In the context of the existing situation in China, the local government is recommended to pay special attention to the regulation of domestic treaties and informing society of women's essential rights. As was mentioned before, the Chinese community remains severely impacted by the longstanding cultural beliefs that prevent females from obtaining equal labor opportunities with men. While the international reforms laid the foundation for changes, they did not actually do much in overcoming the current situation. According to Burnett (2010), the primary limitations that slow down progress are the application of the stereotypes that "reinforce traditional notions of gender inequality," "providing insufficient enforcement mechanisms," "creating disincentives for employers to hire women," "requiring excessive time and expense in order to litigate," and "not specifying great enough sanctions for violators" (p. 303). Because of these tendencies, the author states, the country is not able to fight gender-based discrimination. They keep preventing women from truly advancing labor rights and employment opportunities (Burnett, 2010, p. 303). Keeping these restrictions in mind, one may assume that the Chinese government should put considerable effort in overcoming the existing tendencies by regulation of domestic treaties and informing society of women's essential rights. As for the first recommendation, the violation of females' rights typically occurs due to the "treaties set domestically" that lack governmental control (Burnett, 2010, p. 302). The second one, in turn, emerges from the tendency that Chinese women lack law education (Burnett, 2010, p. 309). Being unaware of their rights, females remain unprotected by the government and discriminated against in local society. The spread of legal knowledge and regulation of domestic treaties, therefore, are two steps to start addressing the gender inequality in China.
Consequently, the above discussions lead to the conclusion that the issue of gender inequality in China most distinctly manifests itself in the area of labor that requires special attention from the local government to be overcome. During analyzing the sources' content, it was discovered that the longstanding cultural beliefs are the primary triggers that caused and continue hindering the problem. As the Chinese have a strong bond with their historical past, the feminist movement of the twentieth century has appeared to have opposite effects on gender roles in China. In just a few decades, it liberated women, therefore, diminishing the importance of the male role at the same time. The numerous constitutional reforms and international initiatives, however, did not make Chinese women actually equal to men. Factually, they opened various opportunities but moved them away from the prospects promised by the constitution. In order to overcome the existing situation, it is recommended to put special attention to the regulation of domestic treaties and informing society of women's essential rights. Being triggered by longstanding cultural beliefs, the issue of gender inequality in China has to be eradicated gradually while being entirely based on historical context. The spread of legal knowledge and regulation of domestic treaties, therefore, may become the two steps to start addressing the problem.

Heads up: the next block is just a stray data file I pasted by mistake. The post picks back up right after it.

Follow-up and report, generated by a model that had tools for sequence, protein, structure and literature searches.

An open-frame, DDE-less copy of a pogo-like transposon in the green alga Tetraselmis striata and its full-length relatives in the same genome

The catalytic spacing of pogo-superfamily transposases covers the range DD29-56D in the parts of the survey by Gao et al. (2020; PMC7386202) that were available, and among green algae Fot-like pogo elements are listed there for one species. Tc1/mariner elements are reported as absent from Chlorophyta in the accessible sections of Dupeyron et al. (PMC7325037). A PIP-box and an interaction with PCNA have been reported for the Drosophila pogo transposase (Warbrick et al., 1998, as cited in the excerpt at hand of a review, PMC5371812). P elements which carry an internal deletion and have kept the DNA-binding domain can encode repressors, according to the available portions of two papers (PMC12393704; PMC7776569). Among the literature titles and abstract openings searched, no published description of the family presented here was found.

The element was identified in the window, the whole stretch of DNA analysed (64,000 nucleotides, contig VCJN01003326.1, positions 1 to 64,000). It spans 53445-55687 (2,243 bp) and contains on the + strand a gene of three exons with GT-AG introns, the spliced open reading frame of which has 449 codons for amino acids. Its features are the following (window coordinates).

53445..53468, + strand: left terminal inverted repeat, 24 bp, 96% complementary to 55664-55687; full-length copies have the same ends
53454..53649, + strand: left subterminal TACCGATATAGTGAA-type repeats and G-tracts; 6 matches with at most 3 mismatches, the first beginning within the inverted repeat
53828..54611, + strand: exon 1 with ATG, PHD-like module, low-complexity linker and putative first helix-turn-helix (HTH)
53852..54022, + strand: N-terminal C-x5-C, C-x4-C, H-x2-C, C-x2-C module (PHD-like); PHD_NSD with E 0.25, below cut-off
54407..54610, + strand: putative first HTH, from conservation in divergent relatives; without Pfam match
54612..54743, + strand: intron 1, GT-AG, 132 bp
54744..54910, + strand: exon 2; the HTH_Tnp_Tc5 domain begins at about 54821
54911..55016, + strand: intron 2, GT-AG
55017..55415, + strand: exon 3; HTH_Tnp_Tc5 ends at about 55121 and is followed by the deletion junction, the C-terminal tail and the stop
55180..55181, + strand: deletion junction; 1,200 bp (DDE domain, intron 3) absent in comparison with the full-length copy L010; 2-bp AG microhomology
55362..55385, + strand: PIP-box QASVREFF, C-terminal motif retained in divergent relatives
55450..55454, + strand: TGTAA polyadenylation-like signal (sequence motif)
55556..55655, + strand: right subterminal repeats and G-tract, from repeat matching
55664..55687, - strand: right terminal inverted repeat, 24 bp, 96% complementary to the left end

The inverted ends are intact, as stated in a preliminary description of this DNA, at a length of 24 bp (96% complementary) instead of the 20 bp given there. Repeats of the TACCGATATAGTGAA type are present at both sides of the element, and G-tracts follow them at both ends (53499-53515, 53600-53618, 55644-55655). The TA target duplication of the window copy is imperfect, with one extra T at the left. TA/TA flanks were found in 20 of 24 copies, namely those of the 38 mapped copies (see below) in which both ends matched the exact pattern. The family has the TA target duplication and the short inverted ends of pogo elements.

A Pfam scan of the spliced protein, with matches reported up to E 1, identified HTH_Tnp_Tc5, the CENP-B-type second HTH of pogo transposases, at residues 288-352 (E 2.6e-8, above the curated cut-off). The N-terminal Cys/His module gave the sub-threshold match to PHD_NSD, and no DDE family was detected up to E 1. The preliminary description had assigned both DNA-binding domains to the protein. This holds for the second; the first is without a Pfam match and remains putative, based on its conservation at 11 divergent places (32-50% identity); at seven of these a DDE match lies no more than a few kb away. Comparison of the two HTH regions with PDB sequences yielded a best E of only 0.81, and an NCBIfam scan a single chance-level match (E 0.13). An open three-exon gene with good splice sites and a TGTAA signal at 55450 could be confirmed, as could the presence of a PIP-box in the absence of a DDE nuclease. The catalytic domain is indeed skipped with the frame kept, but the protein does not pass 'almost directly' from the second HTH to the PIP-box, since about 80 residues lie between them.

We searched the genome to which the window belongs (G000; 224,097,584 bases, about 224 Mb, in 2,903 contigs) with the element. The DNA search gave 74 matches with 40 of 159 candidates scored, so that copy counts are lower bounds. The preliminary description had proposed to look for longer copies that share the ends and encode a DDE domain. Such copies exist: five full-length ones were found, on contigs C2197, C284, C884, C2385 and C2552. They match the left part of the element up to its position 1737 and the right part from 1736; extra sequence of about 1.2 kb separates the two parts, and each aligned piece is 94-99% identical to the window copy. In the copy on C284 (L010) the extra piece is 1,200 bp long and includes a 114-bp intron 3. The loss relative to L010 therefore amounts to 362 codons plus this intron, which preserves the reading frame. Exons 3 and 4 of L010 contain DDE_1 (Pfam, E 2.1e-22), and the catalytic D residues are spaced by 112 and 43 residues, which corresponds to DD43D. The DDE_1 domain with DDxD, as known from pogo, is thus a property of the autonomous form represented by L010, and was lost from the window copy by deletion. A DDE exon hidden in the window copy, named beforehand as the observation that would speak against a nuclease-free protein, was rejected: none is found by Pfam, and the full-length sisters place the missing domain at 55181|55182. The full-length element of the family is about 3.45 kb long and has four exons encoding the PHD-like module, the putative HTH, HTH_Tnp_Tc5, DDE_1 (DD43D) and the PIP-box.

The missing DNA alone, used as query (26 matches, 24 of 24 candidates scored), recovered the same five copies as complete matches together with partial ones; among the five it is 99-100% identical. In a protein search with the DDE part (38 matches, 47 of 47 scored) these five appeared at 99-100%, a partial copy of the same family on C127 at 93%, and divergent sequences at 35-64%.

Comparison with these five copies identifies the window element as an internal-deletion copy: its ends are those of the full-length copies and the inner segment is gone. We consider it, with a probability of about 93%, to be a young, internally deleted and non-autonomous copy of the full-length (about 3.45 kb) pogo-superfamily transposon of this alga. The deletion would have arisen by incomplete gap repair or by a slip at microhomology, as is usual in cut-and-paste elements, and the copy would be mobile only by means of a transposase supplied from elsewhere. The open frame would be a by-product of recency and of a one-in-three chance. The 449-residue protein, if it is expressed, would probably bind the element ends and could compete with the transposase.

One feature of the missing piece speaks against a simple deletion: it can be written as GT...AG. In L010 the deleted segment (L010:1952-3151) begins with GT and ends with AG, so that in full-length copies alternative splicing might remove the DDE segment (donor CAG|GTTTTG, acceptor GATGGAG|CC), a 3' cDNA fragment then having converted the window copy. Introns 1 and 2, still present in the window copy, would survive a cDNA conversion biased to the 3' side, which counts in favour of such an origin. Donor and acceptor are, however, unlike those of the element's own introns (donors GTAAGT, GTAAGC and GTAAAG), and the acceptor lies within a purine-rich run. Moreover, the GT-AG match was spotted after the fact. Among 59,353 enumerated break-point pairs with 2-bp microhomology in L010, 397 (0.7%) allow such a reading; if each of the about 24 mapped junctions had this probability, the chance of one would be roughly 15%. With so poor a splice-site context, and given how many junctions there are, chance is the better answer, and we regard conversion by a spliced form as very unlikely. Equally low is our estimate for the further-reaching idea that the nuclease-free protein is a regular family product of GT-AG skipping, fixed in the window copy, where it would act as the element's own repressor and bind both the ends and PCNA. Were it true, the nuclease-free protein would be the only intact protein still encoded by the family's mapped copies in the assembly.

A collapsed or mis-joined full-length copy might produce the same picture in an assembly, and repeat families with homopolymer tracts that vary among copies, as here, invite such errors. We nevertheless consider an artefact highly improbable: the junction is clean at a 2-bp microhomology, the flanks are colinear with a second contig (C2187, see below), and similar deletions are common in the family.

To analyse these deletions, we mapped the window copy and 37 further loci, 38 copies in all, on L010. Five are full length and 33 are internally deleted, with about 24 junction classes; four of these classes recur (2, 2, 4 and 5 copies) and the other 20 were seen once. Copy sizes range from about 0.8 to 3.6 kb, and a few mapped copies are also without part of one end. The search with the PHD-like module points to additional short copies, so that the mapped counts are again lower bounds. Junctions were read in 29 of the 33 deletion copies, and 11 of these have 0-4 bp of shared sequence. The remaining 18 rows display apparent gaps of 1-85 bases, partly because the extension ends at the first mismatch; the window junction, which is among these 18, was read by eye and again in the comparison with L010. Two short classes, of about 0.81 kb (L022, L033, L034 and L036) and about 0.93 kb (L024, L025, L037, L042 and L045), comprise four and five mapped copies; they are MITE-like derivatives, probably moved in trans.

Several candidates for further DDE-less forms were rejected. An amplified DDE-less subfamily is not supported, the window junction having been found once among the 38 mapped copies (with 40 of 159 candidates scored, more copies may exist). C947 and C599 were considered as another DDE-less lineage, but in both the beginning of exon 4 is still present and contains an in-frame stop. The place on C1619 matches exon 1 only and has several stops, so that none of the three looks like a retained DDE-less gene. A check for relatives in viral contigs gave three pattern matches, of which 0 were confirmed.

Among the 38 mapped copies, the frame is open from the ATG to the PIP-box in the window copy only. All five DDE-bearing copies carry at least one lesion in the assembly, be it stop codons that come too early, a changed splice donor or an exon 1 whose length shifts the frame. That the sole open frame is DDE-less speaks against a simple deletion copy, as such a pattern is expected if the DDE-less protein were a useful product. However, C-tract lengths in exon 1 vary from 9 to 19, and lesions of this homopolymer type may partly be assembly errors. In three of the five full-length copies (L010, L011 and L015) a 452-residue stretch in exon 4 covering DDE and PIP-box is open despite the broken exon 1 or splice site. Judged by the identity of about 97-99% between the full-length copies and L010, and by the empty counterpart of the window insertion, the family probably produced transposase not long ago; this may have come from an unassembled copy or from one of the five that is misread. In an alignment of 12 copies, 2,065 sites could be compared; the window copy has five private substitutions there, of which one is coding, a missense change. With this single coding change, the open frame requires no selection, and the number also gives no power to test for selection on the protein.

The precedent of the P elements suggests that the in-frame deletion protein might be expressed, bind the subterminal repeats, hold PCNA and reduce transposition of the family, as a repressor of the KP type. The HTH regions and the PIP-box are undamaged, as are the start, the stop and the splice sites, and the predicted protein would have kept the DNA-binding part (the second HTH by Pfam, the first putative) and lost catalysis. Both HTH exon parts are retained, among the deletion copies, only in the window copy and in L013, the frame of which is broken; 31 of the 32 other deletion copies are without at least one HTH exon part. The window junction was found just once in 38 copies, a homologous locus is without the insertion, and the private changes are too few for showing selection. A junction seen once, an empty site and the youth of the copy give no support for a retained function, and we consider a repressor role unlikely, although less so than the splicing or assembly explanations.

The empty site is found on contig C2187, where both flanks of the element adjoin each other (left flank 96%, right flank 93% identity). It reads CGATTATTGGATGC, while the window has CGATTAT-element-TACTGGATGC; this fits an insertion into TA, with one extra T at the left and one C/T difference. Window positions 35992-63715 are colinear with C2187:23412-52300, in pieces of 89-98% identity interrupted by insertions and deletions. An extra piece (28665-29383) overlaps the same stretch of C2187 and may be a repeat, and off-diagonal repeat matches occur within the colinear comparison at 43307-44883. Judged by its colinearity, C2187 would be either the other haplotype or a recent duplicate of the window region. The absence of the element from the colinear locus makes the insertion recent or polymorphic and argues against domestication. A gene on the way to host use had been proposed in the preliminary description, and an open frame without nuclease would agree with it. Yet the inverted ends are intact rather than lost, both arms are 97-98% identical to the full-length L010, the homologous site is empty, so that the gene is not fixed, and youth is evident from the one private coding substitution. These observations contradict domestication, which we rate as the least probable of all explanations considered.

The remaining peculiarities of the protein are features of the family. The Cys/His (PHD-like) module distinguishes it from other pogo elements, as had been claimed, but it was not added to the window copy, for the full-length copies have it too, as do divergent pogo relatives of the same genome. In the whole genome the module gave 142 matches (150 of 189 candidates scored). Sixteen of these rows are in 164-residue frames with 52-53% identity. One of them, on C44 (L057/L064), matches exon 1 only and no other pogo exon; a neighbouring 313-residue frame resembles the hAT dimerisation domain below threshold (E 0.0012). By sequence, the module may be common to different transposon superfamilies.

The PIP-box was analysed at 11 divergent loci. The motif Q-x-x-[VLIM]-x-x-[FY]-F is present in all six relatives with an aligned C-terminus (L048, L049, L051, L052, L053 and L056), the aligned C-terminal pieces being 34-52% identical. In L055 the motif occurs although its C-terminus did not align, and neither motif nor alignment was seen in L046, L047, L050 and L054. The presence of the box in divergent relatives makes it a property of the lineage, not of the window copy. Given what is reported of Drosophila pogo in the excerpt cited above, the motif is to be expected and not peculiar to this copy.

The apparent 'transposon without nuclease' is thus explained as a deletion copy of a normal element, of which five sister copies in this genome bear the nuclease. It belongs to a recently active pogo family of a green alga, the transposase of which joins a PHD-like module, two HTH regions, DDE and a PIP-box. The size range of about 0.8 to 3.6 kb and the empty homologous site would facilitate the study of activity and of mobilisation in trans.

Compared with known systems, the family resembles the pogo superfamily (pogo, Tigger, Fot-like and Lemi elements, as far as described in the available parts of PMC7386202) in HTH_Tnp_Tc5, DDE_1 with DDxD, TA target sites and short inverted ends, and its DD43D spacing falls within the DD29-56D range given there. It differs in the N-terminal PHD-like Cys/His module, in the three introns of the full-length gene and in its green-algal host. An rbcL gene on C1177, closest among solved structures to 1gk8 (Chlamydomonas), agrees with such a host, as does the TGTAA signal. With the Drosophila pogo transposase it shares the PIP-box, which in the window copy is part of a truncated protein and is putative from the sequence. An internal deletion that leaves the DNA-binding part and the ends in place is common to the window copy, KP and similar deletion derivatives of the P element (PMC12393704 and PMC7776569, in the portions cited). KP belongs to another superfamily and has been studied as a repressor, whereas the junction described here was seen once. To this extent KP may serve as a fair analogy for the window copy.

- Choi, S. Y. P. (2016) "Gendered Pragmatism and Subaltern Masculinity in China: Peasant Men's Responses to Their Wives' Labor Migration", American Behavioral Scientist, 60(5–6), pp. 565–582.
- Cremer, J. (2019). "True gender equality still a challenge." South China Morning Post, https://www.scmp.com/presented/news/china/topics/china-conference/article/2180956/true-gender-equality-still-challenge.
- Brownell, S., n.d. (2002). "Chinese Femininities, Chinese Masculinities." Berkeley: University of California Press, https://books.google.com/books?id=0WLLugOABZsC&lpg=PR1&dq=Brownell%2C%20S.%2C%20n.d.%20Chinese%20Femininities%2C%20Chinese%20Masculinities&hl=ru&pg=PR4#v=onepage&q&f=false.
- Burnett, J. (2010). "Women's Employment Rights in China: Creating Harmony for Women in the Workforce." Indiana Journal of Global Legal Studies, Vol. 17, No. 2, pp. 289-318, Published by Indiana University Press.
- Shea, J.L. (2011). "Older Women, Marital Relationships, and Sexuality in China." Ageing Int 36, 361, https://doi-org.ezproxy.nottingham.ac.uk/10.1007/s12126-011-9114-3.
- Wharton, A., (2012). "The Sociology Of Gender." Chichester, West Sussex: Wiley-Blackwell, https://books.google.com/books?id=1rgOJs37j3kC&lpg=PR4&dq=Wharton%2C%20A.%2C%202012.%20The%20Sociology%20Of%20Gender&hl=ru&pg=PR4#v=onepage&q=Wharton,%20A.,%202012.%20The%20Sociology%20Of%20Gender&f=false.